## math question: Scale Conversions

### math question: Scale Conversions

This is less of a graphics question per se and more of a general math
question. Suppose you have an interval [a,b] and a point p in this interval.
Additionally, you have another interval [c,d] and a point p' in this
interval. Given that a, b, c, d, p, and p' all represent real numbers, what
is the general formula for deriving p' from p?

The classic example I happened to think of is the Celsius to Fahrenheit
conversion, in which [a,b] is [0,100] and [c,d] is [32,212]. Suppose that p
= 50. Then p' = (9/5)*p + 32 = 122.

This general strategy doesn't seem to work for an arbitrary scale, though.
Following the C-to-F guidelines, I couldn't seem to derive a formula for
converting, say, [1,4] to [3,7].

Any hints?

### math question: Scale Conversions

It's so ironic how being frustrated enough to ask a question that's been
plaguing you often puts you on the track to the right answer. For anyone
else who cares, the formula is p' = [ (p-a)/(b-a) ] * (d-c) + c. The reverse
conversion is p = [ (p'-c)/(d-c) ] * (b-a) + a.

- Marc

Quote:> This is less of a graphics question per se and more of a general math
> question. Suppose you have an interval [a,b] and a point p in this
interval.
> Additionally, you have another interval [c,d] and a point p' in this
> interval. Given that a, b, c, d, p, and p' all represent real numbers,
what
> is the general formula for deriving p' from p?

> The classic example I happened to think of is the Celsius to Fahrenheit
> conversion, in which [a,b] is [0,100] and [c,d] is [32,212]. Suppose that
p
> = 50. Then p' = (9/5)*p + 32 = 122.

> This general strategy doesn't seem to work for an arbitrary scale, though.
> Following the C-to-F guidelines, I couldn't seem to derive a formula for
> converting, say, [1,4] to [3,7].

> Any hints?

### math question: Scale Conversions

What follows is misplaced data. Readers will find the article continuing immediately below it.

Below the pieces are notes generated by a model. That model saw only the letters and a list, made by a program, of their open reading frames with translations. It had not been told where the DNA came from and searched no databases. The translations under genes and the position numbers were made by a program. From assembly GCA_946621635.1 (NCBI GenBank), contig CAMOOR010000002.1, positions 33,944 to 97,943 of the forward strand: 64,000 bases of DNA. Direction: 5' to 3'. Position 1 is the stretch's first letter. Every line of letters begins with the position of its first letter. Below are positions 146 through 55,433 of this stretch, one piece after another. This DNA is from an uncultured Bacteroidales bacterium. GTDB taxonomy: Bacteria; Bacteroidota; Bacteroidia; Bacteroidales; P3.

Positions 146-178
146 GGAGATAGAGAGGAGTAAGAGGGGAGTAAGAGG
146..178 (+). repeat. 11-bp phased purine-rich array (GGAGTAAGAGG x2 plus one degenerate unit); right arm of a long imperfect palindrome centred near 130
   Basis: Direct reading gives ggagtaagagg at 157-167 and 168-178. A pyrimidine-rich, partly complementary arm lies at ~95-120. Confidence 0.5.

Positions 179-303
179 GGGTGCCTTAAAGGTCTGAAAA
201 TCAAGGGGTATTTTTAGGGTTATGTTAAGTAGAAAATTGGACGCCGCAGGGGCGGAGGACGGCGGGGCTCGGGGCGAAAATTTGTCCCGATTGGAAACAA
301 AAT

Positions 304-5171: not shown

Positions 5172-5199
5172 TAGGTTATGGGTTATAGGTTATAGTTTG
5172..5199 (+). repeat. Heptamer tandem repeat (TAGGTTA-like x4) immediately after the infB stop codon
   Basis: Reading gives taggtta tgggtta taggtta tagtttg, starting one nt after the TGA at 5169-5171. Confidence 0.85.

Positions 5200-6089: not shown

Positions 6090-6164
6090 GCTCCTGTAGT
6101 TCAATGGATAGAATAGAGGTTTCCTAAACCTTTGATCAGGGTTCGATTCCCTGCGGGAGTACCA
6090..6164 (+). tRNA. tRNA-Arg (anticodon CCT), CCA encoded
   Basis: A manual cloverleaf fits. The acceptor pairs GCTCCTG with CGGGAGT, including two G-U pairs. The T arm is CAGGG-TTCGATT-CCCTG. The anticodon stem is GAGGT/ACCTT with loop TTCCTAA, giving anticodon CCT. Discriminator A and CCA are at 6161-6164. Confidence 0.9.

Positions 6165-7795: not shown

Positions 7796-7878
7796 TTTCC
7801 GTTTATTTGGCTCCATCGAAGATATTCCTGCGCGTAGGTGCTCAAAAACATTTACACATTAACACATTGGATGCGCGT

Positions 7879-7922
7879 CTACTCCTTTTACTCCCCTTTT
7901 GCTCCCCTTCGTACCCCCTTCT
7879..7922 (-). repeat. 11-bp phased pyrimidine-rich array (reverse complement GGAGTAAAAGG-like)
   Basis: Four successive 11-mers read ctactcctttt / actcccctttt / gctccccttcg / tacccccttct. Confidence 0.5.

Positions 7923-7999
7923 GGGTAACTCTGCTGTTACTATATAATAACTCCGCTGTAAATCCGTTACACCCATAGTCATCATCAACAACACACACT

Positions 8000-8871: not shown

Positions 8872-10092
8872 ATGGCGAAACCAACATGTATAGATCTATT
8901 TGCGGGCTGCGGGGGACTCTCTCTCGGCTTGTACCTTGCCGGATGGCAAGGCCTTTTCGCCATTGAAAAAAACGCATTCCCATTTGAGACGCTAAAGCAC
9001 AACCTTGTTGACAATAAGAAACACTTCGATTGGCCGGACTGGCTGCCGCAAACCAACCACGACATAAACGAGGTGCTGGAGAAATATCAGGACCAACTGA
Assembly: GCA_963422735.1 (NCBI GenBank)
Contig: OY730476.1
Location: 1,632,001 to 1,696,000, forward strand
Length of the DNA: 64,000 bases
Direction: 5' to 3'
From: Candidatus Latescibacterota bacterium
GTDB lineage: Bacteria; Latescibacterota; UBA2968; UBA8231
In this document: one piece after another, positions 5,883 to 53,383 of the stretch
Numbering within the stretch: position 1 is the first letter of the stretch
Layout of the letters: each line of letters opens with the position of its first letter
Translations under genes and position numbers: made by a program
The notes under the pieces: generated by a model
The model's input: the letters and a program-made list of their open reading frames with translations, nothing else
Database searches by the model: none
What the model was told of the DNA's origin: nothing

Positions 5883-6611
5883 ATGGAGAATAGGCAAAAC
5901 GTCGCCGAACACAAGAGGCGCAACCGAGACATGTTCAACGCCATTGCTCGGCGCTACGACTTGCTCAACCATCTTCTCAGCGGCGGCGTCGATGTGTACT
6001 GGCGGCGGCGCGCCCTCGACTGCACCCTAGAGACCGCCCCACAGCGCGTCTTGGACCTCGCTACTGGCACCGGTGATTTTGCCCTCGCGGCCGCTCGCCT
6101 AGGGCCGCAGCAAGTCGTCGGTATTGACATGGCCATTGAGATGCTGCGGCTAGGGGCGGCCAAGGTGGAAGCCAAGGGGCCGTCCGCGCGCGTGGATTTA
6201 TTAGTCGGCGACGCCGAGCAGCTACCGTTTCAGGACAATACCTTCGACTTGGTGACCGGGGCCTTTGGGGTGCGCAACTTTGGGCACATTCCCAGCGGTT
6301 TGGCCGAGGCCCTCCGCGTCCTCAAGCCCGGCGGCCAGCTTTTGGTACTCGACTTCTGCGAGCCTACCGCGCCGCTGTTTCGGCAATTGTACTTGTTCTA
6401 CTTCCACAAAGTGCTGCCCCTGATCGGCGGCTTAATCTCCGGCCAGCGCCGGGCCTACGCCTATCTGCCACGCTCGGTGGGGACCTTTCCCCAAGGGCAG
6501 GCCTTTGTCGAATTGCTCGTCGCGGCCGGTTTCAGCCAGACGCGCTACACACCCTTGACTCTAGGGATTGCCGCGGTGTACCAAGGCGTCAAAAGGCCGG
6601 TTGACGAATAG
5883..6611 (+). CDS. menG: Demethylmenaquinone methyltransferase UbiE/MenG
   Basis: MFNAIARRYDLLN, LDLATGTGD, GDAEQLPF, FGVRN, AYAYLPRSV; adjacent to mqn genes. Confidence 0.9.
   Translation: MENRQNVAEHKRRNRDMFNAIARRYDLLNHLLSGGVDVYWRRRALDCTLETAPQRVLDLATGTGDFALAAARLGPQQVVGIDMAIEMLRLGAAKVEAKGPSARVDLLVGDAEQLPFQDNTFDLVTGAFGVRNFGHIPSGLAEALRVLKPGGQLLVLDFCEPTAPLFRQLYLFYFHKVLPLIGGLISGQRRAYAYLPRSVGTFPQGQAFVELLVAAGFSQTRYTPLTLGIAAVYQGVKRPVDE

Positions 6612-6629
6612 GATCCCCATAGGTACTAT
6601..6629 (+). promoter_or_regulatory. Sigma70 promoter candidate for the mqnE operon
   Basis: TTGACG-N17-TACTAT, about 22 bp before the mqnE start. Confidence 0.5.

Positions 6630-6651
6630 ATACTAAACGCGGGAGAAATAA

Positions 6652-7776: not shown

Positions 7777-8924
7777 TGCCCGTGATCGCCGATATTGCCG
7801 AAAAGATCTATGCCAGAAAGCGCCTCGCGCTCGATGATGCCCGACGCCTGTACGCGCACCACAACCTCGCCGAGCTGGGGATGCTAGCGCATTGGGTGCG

Quote:> This is less of a graphics question per se and more of a general math
> question. Suppose you have an interval [a,b] and a point p in this
interval.
> Additionally, you have another interval [c,d] and a point p' in this
> interval. Given that a, b, c, d, p, and p' all represent real numbers,
what
> is the general formula for deriving p' from p?

> The classic example I happened to think of is the Celsius to Fahrenheit
> conversion, in which [a,b] is [0,100] and [c,d] is [32,212]. Suppose that
p
> = 50. Then p' = (9/5)*p + 32 = 122.

> This general strategy doesn't seem to work for an arbitrary scale, though.
> Following the C-to-F guidelines, I couldn't seem to derive a formula for
> converting, say, [1,4] to [3,7].

You can use Linear interpolation for this:

'***
Private Function Linear(ByVal inValA As Double, _
ByVal inValB As Double, ByVal inPos As Double) As Double
Linear = ((inValB - inValA) * inPos) + inValA
End Function
'***

<pseudocode>
p' = Linear(32, 212, (50 - 0) / (100 - 0))
</pseudocode>

Obviously you'd get rid of the (-0)'s in this for this, but this is generic
for any range, i.e going the other way:

<pseudocode>
p = Linear(0, 100, (p' - 32) / (212 - 32))
</pseudocode>

You just need a position within a range and linear interpolation will do the
rest.
Hope this helps,

Mike

- Microsoft Visual Basic MVP -

WWW: Http://www.mvps.org/EDais/

### math question: Scale Conversions

top posting repaired...

> > ...Suppose you have an interval [a,b] and a point p in this interval.
> > Additionally, you have another interval [c,d] and a point p' in this
> > interval. Given that a, b, c, d, p, and p' all represent real numbers,
> > what is the general formula for deriving p' from p?

> > The classic example I happened to think of is the Celsius to Fahrenheit
> > conversion, in which [a,b] is [0,100] and [c,d] is [32,212]. Suppose that
> > p = 50. Then p' = (9/5)*p + 32 = 122.

....
> It's so ironic how being frustrated enough to ask a question that's been
> plaguing you often puts you on the track to the right answer. For anyone
> else who cares, the formula is

> p' = [ (p-a)/(b-a) ] * (d-c) + c.

> The reverse conversion is p = [ (p'-c)/(d-c) ] * (b-a) + a.

Yes...but in relationship to your conversion formula, the formula for a
straight line between two points is y = Mx + B where M is the slope and
B is the intercept.  The general solution is (in your interval
nomenclature and uppercase M and B to keep the "bee's" straight)

M = (d-c)/(b-a), and B = c - Ma

so another equivalent expression is p' = pM + B which may be simpler to
carry around....

I'm using PS 4.01 on a Mac PowerPC with OS 8.1, but the problem
was occurring with OS 8.0 as well.

When I'm creating text at small sizes, I usually create the text at 80
pts and then use the numeric scaling to reduce it to, say, 12 points. I
often get a truncation effect on the scaled down text, as if the top,
bottom, left or right side is cut off. It doesn't happen everytime but
it happens very frequently.

Any ideas? Thanks.

Tim Ware
HyperArts
www.hyperarts.com